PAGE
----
The startup people cannot ask for better than this. If you have already started up your new venture or want to start up in the near future, this news is going to get you on cloud nine.
Two important events happened in the recent past which has boosted the startup sentiments in India. One, the successful acquisition of Redbus.in by Napser Group of South Africa to the tune of $138 Million and second, SEBI will provide tax relief to the Angel Investors who have invested in startups.
SEBI’s formal recognition – on 25th June – to a separate class of investors, Angel Investor Funds, resolves the issue of “angel tax”. However, for an angel investor who invests at a premium in a startup, this tax issue continues to exist.
The Finance Act 2012 had introduced what is commonly referred to as angel tax among private equity investors. If an unlisted company received consideration from any person in India against the issue of shares in excess of fair market value, such excess amount was taxable in the hands of the investee company as “income from other sources”. Certain exceptions were carved out and investments, even if above fair market value by venture capital funds or venture companies, were not covered by angel tax.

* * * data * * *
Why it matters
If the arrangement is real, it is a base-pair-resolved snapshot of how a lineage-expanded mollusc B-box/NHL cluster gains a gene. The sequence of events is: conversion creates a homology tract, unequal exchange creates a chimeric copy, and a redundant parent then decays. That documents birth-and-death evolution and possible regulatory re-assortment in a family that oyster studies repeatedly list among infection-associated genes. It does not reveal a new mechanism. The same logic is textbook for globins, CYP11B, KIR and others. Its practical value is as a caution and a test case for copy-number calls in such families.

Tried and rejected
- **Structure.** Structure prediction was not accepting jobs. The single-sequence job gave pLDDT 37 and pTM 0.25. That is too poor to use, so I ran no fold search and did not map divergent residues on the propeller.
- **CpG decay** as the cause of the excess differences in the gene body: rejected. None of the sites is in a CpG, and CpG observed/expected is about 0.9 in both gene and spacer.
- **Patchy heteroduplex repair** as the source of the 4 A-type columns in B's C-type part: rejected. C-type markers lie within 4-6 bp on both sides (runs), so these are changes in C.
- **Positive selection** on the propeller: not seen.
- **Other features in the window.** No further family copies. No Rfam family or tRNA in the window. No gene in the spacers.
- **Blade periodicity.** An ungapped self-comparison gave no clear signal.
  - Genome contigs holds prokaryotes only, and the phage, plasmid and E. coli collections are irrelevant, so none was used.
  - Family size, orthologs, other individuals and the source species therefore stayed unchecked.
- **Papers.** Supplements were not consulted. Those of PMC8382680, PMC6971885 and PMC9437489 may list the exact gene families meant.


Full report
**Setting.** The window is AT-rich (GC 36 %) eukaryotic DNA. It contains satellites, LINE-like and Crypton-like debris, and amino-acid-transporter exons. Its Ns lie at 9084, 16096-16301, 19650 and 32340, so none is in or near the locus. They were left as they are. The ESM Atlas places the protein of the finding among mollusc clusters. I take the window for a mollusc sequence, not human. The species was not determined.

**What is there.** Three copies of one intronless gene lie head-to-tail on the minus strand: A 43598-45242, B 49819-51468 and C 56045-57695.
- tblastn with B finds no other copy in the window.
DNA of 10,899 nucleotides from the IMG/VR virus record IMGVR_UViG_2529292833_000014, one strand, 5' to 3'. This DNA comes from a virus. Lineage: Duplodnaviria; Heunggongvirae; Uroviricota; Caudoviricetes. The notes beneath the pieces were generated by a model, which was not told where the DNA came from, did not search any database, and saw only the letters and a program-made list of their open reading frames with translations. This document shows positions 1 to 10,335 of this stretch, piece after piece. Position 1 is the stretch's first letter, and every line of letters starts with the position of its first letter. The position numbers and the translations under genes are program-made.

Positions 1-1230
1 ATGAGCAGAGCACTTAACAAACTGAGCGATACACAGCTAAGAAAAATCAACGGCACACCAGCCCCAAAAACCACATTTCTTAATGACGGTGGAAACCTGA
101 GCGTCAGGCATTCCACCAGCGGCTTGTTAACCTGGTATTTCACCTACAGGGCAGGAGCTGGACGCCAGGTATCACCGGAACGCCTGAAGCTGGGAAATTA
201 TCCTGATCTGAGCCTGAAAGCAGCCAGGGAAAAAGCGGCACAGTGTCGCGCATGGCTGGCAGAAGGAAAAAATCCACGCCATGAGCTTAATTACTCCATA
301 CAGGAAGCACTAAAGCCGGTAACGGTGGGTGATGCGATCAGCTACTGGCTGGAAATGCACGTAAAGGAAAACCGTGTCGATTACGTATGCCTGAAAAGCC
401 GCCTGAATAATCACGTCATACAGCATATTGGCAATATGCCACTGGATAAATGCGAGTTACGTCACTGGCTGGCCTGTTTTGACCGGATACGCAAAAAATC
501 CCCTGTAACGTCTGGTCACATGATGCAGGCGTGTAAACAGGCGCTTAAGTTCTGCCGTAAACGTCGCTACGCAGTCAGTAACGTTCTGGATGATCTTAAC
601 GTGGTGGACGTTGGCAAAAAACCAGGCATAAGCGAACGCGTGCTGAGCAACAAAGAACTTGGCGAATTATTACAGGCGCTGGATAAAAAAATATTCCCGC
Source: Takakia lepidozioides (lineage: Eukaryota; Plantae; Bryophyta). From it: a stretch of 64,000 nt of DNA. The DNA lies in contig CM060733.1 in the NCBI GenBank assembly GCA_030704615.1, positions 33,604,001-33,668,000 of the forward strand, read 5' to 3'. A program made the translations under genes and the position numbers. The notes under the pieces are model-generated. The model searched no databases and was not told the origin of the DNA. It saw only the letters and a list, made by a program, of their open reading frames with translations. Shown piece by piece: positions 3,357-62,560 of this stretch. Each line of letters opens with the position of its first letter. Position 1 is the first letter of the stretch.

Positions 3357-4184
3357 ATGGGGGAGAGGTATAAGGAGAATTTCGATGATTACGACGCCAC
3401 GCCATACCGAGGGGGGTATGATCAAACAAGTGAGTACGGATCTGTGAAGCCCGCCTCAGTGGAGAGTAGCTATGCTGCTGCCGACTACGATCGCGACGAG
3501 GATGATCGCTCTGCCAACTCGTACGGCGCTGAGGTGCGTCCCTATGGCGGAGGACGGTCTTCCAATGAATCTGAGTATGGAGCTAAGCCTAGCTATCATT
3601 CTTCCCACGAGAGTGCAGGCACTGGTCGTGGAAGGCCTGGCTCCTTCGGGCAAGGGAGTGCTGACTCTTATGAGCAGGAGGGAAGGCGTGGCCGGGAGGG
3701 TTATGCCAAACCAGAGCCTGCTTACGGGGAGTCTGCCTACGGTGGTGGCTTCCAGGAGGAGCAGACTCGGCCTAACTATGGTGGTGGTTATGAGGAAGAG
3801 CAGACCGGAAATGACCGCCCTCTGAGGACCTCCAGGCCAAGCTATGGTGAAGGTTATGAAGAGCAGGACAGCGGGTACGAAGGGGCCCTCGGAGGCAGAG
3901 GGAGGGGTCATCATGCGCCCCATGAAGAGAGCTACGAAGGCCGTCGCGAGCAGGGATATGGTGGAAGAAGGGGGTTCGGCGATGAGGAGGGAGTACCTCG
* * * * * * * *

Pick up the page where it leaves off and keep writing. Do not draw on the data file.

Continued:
The exception given to the VC funds or VC companies stemmed from the fact that these entities were regulated by SEBI and investments made above fair market value would not be surreptitious. Smaller funds could not register as VC funds or VC companies owing to the large corpus requirements, mandated by SEBI.
With Angel Investor Funds now recognized as a separate sub-category with smaller corpus requirements, and their being included in the definition of venture capital funds under SEBI (Alternative Investment Funds) Regulations 2012, this problem of angel tax for the investee company is mitigated. Investments made by SEBI registered angel funds in approved investee companies, even if the above fair market value, will not entail an angel tax in the hands of the investee company.
However, if an unlisted startup receives investments from an individual angel investor, the issue of angel tax will remain.
Investments made by individual angels do has a crucial role to play in the entrepreneurial ecosphere, as the minimum level of investment that can be made by a registered angel fund is much higher at Rs. 50 lakhs.
This move of SEBI is definitely an encouraging move for startups in India, as a majority of the startups face funding issues, and due to regulatory issues angel investors choose companies very strictly.
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